John K. Endrizzi, Joe Taylor, and Terry Spears
One of the many racers who ran S&S parts at the BUB Motorcycle Speed Trials last August was Jimbo Fischer. This is a pretty cool story so we’ll let Jimbo tell it in his own words.
Well we sure proved the quality, strength, and endurance of the S&S Super Stock SB-100 engine this year at the BUB/AMA Speed trials at Bonneville.
The “Great White Dyno” threw us a couple glitches as usual, that were analyzed and remedied quickly. We had to beat the existing record of 156.096 - An early lesson from Warner is - Don’t waste a minute of time - get there and beat the record first day out. That’s exactly what we did, three times.
After we set a new record of 162.299 mph on the first runs, Dyno Mike downloaded data - the decision was made to change the rear wheel sprocket and drop one tooth. Next time out the following day - we broke the record again, with a two way average of 167.418 mph. He’s still pulling hard so the decision was made to change the rear wheel sprocket again and drop one more tooth. That resulted in a third qualifying record run of 168.702 - In the impound the decision was made to check data - The ignition being on for the process a bit too long made for some high drama at the 5mi. start for the return record run. After trailering the bike to the 5 mi. start the signal was given - we’re next up - get ready. I hit the start button - and - it’s a very low battery - engine won’t turn over. OH S**t ! !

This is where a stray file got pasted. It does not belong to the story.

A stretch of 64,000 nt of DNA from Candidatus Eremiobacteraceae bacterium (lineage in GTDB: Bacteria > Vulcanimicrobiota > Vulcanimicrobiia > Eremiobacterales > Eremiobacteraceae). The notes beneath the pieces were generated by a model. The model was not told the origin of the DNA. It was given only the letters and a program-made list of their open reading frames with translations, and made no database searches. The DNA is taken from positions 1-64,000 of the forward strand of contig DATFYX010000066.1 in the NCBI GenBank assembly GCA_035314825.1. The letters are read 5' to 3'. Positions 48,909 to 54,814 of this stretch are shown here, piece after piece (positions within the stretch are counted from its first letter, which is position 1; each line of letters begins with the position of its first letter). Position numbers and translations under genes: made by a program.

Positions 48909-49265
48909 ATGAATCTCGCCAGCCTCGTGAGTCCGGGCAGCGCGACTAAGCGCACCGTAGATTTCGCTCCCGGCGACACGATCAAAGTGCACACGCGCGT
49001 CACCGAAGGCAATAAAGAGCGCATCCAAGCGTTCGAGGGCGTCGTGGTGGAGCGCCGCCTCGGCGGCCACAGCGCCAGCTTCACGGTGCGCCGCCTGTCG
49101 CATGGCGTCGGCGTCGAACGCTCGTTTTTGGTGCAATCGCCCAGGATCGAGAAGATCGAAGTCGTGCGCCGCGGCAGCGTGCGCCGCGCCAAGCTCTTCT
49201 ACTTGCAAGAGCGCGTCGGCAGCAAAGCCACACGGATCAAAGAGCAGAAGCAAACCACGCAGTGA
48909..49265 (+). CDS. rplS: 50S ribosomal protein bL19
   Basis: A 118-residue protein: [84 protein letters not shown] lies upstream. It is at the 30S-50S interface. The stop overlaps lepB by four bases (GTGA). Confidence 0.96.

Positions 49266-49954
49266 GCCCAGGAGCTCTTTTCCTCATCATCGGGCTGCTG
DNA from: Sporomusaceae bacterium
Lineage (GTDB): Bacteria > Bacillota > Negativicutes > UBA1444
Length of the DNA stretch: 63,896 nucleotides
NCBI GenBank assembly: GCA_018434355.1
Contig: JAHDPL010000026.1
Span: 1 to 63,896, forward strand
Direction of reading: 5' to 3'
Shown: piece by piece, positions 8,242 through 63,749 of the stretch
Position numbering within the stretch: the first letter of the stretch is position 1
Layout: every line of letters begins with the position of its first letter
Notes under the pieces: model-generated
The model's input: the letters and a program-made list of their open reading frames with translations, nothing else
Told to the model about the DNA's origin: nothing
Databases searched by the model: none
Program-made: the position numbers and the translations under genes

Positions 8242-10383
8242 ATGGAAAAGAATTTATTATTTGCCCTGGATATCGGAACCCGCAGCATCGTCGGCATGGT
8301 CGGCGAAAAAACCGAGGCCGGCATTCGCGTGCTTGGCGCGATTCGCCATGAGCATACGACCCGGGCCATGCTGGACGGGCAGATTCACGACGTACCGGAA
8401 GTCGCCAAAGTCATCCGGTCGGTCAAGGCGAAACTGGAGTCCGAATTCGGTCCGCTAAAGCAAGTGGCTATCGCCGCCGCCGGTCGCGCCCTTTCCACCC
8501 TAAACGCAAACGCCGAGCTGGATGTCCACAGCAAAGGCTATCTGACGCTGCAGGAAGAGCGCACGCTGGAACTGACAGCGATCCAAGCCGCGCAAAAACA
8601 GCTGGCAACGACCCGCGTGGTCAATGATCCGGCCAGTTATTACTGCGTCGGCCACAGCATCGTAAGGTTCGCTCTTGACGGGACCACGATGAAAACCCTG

Trying to push start it - he won’t go - Suddenly, like the Cavalry coming to the rescue - Jeff Bailey and some of the S&S crew pull up with a starter pack and we get him fired up.
So with a little last minute high drama we were off to our best speed for the meet, and brought in a 170.552 mph and a two way average of 169.627 for a third time AMA Record in four days of racing.
I must say a huge THANK YOU to my team mates Warner & Mike, as well as to George Smith and all the great talent at S&S that put this engine together, and to our sponsors who also helped with much needed parts - like Wayne & Donna Pingel, and Jim Wallin at AutoMeter and the folks at Magnetrol flow & control.
Four days of racing, breaking the AMA record three consecutive times puts me on cloud nine.
Exciting news in the world of Land Speed Racing: Chris Rivas is the first person to push a "bagger" over 200mph!
That's right, a bagger. (No rocket propulsion necessary. Just good ol' American made S&S horsepower.) With the offices at S&S HQ all a-buzz with the news, we called up Chris and wanted to ask him a few questions about his achievement to share with everybody. Here's what "The Rocket" had to say:S&S: